Painting and Spirituality

Hilma af Klint - Tyra Kleen - Lucie Lagerbielke

For a long time, mainstream art history had no categories, and as a matter of fact no interest, to adequately classify the mediumistic and spirit art that had developed since the middle of the 19th century. For a long time, art historians seemed to be satisfied by subsuming a partial aspect of this artistic creation under the term Art Brut, as proposed by Jean Dubuffet. Yet this conceptual corset eliminated many mediumistic artists. It was not until the end of the last century that the art-historical canon was beginning to become extended with regard to mediumistic art as an independent category. This was mainly due to the rediscovery of Hilma af Klint (1862-1944) and Georgiana Houghton (1814-1884), who were seen as protagonists for a complementary evaluation of abstraction in modern art. The spiritual essence of mediumistic art in the sense of a broader concept, and art created under the influence or in collaboration with unseen entities in the narrower sense, however, is still not been met yet in an adequate way by art historians dealing with these creations.

In Millesgården, near Stockholm, the narrative of spiritualism, theosophy, and mysticism in art is now beeing shown in an interesting exhibition of three Swedish artists. Alongside works of Hilma af Klint, the icon of the theosophically influenced abstract mediumistic art, paintings and drawings by Tyra Kleen (1874-1951) and Lucie Lagerbielke (1865-1931) are shown. It is a highly exciting compilation, especially since the artistic output of Tyra Kleen and Lucia Lagerbielke is still widely unknown.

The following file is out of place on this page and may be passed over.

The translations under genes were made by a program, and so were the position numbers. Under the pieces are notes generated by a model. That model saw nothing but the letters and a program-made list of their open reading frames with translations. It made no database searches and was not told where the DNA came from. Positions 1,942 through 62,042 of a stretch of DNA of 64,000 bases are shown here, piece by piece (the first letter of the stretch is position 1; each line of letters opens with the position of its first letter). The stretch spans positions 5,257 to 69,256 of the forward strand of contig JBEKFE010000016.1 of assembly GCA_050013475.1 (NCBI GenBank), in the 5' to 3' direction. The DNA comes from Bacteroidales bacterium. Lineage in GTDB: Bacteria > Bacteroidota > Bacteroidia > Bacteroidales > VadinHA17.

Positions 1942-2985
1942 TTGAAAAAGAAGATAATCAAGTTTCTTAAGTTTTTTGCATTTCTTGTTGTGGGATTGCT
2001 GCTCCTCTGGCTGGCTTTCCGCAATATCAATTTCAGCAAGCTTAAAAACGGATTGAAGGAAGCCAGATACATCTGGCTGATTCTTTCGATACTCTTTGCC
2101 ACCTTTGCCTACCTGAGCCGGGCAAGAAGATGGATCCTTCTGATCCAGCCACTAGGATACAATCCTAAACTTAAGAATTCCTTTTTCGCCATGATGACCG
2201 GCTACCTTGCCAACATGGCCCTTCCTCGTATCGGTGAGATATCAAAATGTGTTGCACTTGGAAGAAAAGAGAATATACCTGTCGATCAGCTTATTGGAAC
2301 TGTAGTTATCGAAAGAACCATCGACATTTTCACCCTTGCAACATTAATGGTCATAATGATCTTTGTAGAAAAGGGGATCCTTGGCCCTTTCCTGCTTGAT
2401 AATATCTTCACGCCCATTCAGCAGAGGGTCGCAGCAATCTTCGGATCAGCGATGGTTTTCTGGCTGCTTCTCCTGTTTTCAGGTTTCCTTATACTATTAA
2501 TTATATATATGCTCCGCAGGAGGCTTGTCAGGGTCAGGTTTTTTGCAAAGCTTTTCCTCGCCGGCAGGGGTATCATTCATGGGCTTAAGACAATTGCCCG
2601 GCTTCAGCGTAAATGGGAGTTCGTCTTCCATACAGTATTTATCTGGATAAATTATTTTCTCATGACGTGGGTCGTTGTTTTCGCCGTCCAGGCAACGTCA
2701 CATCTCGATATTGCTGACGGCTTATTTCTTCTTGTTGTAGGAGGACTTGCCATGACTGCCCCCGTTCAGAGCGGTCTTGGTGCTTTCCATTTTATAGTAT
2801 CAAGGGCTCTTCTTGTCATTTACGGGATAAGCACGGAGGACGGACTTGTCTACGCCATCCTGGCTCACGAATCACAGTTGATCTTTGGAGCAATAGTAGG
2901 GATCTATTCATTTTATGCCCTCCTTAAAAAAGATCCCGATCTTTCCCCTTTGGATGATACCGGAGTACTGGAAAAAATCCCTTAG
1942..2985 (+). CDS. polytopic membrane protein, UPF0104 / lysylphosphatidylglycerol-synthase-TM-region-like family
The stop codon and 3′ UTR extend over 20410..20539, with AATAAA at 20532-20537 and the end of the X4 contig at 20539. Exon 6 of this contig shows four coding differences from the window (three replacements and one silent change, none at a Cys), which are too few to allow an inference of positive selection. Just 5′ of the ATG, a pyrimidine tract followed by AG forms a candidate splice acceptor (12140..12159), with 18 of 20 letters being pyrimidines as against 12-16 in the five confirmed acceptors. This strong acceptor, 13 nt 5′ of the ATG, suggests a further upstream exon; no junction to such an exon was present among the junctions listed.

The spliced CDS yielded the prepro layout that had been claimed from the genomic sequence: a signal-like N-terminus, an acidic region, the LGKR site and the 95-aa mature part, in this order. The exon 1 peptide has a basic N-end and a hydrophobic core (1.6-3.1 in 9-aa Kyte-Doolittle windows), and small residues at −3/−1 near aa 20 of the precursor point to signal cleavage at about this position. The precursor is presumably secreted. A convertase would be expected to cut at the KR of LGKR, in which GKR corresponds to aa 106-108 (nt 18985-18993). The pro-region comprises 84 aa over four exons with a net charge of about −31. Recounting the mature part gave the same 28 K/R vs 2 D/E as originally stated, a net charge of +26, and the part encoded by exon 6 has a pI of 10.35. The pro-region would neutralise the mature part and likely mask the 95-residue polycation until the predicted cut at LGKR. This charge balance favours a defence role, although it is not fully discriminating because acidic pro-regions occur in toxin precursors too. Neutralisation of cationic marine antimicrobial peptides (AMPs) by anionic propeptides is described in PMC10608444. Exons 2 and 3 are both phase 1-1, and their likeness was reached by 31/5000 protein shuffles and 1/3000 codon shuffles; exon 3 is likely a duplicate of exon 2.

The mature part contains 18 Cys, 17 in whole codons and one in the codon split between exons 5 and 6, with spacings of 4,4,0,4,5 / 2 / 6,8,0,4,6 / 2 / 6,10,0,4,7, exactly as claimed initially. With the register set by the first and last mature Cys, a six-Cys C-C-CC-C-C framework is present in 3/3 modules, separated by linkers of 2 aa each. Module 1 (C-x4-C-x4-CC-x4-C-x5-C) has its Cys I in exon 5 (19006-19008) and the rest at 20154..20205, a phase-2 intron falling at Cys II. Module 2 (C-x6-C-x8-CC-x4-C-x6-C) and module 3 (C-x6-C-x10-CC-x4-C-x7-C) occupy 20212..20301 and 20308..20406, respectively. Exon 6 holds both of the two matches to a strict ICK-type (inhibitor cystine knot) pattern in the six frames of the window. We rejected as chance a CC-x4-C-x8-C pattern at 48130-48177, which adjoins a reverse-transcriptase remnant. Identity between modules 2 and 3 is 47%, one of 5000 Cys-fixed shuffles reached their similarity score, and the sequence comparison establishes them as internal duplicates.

Tyra Kleen's works cannot deny the influence of Symbolist mysticism in the art of Fin-de-Siècle and as she travelled extensively, she also incorporated an East Asian component into her visual language. Lucie Lagerbielke, on the other hand, comes entirely from a spiritualist milieu. Her sister Marie Louise married the diplomat of the Ottoman Empire Prince Jean Constantin Karadja Pascha and Princess Mary Karadja  became famous after the death of her husband in 1894 as a medium in occult and spiritualist circles. She also occasionally made mediumistic drawings. Lucie Lagerbielke claimed that the books she wrote, informed by theosophical ideas, and her drawings and paintings were produced under the influence of discarnate entities. While her drawings are often symbolic and allegorical works, her oil oils are depictions of fluid transitions from lush vegetation and organic forms to an abstract play of forms. She often signed these works with the name of her spirit guide Vitus.

Both Kleen and Lagerbielke are downright new discoveries, their works having very rarely been shown. Through this exhibition in the vicinity of the established Hilma af Klint a revaluation of their modes of expression and the milieu from which they originate is made possible.


milPainting and Spirituality
Hilma Af Klint - Tyra Kleen - Lucie Lagerbielke
Herserudsvägen 32, Lidingö


5 Oct 2019 – 9 Feb 2020






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